As the Supreme Court, today entertains the appeal filed by former Imo State Governor, Emeka Ihedioha, challenging the nullification of his election, fresh facts show that the apex court has many knotty questions to answer. There are indications that neither Senator Hope Uzodinma nor Ihedioha meets the constitutional requirements to be declared the winner from all results available. Therefore, if none of the duo meets the requirement to be declared governor, what will the apex court do? Will it order a re-run or fresh poll?
From the results, Uzodinma tendered based on which the apex court nullified Ihedioha’s election and ordered his swearing-in, the All Progressives Congress, APC, candidate did not score 25 percent of votes cast in at least 18 of the 27 local councils (two-third) required to be declared governor. Former Deputy Speaker of the House of Representatives, Emeka Ihedioha, who ran on the card of Peoples Democratic Party, PDP, was declared the winner of the governorship election and sworn in. The figures in the first results announced by the Independent National Electoral Commission, INEC, showed that Ihedioha polled 273,404 ahead of his closest rival and candidate of Action Alliance, AA, Uche Nwosu, who polled 190,364 votes. The candidate of All Progressives Grand Alliance, APGA, Ifeanyi Ararume, came third with 114,676 votes ahead of Uzodinma, who came fourth with 96,458 votes. No fewer than 70 candidates took part in the election. Announcing the results, the state’s returning officer and Vice-Chancellor of the Federal University of Agriculture, Umudike, Abia State, Francis Otunta, gave the total registered voters across the state as 2,221,008 and the total accredited voters as 823,743. He said 25,130 votes were cancelled across the state, with total valid votes as 714,355, while the total votes cast were 739,485. However, Uzodinma challenged the declaration of Ihedioha as winner, arguing that INEC excluded results from 388 polling units, which if added he would be the winner. He lost at the tribunal and Court of Appeal, but had the upper hand at the apex court.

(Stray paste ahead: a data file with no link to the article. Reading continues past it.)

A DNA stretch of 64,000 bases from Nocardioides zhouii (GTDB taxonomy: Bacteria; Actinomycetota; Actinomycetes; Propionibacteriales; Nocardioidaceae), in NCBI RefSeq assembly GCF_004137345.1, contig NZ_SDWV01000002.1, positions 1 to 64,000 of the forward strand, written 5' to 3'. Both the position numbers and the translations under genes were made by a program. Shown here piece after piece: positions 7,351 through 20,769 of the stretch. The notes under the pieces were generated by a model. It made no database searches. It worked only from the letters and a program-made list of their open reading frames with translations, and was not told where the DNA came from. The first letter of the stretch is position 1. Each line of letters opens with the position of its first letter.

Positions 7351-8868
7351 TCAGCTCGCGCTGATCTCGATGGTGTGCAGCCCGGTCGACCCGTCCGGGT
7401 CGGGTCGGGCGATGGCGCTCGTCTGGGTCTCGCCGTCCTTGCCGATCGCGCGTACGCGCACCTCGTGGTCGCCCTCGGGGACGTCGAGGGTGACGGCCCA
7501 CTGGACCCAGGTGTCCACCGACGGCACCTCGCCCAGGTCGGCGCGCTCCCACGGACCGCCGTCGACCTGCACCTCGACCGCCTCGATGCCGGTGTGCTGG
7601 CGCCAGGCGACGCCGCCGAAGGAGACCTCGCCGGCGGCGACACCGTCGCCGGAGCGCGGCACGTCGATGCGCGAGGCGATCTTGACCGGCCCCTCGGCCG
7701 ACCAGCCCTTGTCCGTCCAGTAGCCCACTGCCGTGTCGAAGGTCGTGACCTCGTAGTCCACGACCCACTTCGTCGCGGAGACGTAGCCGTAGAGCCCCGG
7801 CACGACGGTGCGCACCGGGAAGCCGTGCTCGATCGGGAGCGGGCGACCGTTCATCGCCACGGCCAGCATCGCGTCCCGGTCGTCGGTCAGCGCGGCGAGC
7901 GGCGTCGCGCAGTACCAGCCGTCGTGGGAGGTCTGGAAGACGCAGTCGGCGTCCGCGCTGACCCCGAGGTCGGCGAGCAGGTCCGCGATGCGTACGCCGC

The Supreme Court, in the unanimous judgement delivered by Justice Kudirat Kekere-Ekun, held that the case of the appellants had merit and consequently granted the reliefs as prayed by Uzodinma and APC. According to the apex court, the concurrent judgement of the lower court erred in law when it excluded votes totalling 213,295 from 388 polling units from the total scores at the election. “It is, hereby, declared that first appellant, Senator Hope Uzodinma, polled a majority of lawful votes cast at the governorship held in Imo State on March 9, 2019 and satisfied the mandatory constitutional threshold and spread across the state,” the apex ruled.